Tuesday, 11 December 2012

Questions (3, 4, 5, 6, 7, 111, 112, 113)

Gerry Adams


3. Deputy Gerry Adams asked the Taoiseach if he will provide an update on his process of social dialogue. [47414/12]

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Gerry Adams


4. Deputy Gerry Adams asked the Taoiseach the groups he has met as part of his process of social dialogue. [49776/12]

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Micheál Martin


5. Deputy Micheál Martin asked the Taoiseach the progress there has been on his plan to abolish the National Economic and Social Development Office and place the National Economic and Social Council on a statutory basis; and if he will make a statement on the matter. [50873/12]

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Micheál Martin


6. Deputy Micheál Martin asked the Taoiseach if he has met the social partners recently; and if he will make a statement on the matter. [52234/12]

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Gerry Adams


7. Deputy Gerry Adams asked the Taoiseach his plans regarding the future of the National Economic and Social Council. [52243/12]

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Richard Boyd Barrett


111. Deputy Richard Boyd Barrett asked the Taoiseach if he will report on any recent or planned meeting with social partners; and if he will make a statement on the matter. [55523/12]

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Richard Boyd Barrett


112. Deputy Richard Boyd Barrett asked the Taoiseach if he will report on any recent or planned social dialogue with civil society groups; and if he will make a statement on the matter. [55524/12]

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Richard Boyd Barrett


113. Deputy Richard Boyd Barrett asked the Taoiseach if he will provide a list of the groups he plans to meet as part of his commitment to social dialogue; and if he will make a statement on the matter. [55525/12]

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Oral answers (98 contributions) (Question to Taoiseach)

I propose to take Questions Nos. 3 to 7, inclusive, and 111 to 113, inclusive, together.

As I have stated previously, although the Government does not intend to return to the rigid social partnership structures of the past we do recognise the contribution that social dialogue can make to maximising common understanding across all sectors of society, as we respond to the many challenges facing the country. As part of this process, the Government continues to have regular interaction with representatives of all sectors of society. This interaction and exchange takes place primarily with the Ministers and Departments who have the functional responsibility in the relevant area.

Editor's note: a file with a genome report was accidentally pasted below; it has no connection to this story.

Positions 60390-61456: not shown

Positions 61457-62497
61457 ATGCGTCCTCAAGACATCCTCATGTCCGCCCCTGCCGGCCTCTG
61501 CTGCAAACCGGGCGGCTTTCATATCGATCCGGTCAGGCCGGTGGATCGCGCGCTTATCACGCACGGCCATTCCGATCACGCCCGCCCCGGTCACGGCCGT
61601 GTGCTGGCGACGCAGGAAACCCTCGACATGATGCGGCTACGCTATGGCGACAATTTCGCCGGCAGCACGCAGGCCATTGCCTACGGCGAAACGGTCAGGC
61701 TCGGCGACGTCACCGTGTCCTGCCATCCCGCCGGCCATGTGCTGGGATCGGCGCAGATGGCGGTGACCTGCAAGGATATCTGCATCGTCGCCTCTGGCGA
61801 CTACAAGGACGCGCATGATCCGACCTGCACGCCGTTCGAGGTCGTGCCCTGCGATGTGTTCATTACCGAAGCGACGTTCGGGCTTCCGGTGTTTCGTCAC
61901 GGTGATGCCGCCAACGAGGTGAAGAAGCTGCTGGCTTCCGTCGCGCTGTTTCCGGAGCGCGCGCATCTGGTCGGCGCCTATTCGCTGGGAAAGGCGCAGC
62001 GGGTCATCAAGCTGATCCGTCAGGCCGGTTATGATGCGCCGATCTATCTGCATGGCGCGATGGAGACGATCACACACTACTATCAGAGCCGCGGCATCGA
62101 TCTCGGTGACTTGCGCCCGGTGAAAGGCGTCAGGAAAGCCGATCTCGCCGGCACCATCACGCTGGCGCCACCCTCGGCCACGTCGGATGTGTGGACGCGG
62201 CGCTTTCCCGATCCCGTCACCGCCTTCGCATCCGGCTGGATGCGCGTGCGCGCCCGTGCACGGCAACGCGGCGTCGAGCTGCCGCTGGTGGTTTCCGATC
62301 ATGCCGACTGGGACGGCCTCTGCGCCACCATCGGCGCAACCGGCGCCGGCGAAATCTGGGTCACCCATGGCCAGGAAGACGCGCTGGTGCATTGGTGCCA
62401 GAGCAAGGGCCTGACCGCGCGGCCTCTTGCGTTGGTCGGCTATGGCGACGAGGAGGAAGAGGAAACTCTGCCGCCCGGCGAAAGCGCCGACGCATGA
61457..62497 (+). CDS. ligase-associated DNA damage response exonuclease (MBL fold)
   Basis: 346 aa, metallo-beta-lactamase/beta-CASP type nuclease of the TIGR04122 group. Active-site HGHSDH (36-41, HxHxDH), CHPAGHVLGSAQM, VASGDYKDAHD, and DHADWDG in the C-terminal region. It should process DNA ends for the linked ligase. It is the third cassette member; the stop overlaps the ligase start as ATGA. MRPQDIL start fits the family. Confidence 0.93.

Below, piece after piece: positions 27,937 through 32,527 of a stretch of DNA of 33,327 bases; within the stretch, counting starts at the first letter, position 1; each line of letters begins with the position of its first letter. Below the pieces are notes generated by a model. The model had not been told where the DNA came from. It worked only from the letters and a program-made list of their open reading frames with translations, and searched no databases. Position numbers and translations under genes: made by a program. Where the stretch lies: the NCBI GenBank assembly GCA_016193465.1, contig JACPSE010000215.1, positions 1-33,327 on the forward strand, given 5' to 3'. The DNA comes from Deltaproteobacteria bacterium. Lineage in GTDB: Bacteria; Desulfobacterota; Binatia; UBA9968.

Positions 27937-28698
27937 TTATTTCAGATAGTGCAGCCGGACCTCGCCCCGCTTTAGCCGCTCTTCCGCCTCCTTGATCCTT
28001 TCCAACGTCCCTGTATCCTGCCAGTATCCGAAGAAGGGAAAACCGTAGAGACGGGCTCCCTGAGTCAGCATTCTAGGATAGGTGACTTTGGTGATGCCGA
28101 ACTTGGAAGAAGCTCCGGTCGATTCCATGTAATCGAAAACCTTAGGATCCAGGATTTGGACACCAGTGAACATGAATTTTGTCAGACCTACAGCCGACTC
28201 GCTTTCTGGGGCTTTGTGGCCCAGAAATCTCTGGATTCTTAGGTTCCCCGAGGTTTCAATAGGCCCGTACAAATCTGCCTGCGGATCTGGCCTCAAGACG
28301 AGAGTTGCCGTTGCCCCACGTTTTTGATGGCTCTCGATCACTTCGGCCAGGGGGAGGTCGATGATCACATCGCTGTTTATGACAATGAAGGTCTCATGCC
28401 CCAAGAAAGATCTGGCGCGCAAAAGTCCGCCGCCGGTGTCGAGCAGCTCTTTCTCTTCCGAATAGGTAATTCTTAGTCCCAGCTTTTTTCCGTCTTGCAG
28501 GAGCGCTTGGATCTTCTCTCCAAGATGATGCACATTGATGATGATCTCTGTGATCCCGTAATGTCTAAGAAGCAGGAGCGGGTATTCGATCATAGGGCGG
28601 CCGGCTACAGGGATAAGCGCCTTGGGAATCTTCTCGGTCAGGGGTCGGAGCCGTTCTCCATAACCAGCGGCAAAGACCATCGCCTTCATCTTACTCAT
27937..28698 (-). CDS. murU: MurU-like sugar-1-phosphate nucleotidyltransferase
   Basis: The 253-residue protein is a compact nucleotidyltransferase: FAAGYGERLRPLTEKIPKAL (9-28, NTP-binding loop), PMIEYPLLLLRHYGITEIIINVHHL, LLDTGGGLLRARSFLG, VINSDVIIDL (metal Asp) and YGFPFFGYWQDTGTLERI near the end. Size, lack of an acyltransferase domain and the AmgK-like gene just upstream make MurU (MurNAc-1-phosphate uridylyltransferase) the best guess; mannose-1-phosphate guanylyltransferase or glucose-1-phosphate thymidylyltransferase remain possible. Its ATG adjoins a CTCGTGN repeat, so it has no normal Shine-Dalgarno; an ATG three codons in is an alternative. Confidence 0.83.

In addition, I meet with many relevant groups during the course of my work. For example, since I last replied to this question on 10 July, I met the Irish Exporters Association on 18 July; the director general of IBEC and the general secretary of ICTU on 20 July; and the Small Firms Association on 6 September when I launched its national small business awards 2013. I attended the IBEC annual dinner on 13 September and met representatives of the IFA at the Irish Embassy in Paris on Friday 28 September. I also had a short meeting with an IFA delegation on the margins of the European Council last month and I met with the Irish Creamery Milk Suppliers Association on 29 November. On 11 October, along with the Minister for Public Expenditure and Reform, I met the implementation body under the Croke Park agreement, which includes representatives of the public service trade unions. In addition, I met the EuroCommerce Board on 28 September and I will meet the General Secretary of the European Trade Union Confederation on 18 December.

Multilateral engagement between sectors and the Government also takes place through the National Economic and Social Council, which comes within the remit of my Department. The council has an extensive work programme and continues to provide a valuable forum for dialogue on the economic, social and environmental challenges facing the country.

Last July the Government agreed to the recommendations of a review of the National Economic and Social Council and the National Economic and Social Development Office, undertaken by my Department. It was agreed to dissolve the NESDO but to retain the NESC as the statutory body. The review also recommended a number of measures to streamline and improve the operation of the NESC and achieve further efficiencies, in addition to the 60% reduction in the grant-in-aid funding since 2008. Work to implement the outcome of the review, including development of the necessary legislation, is under way in my Department.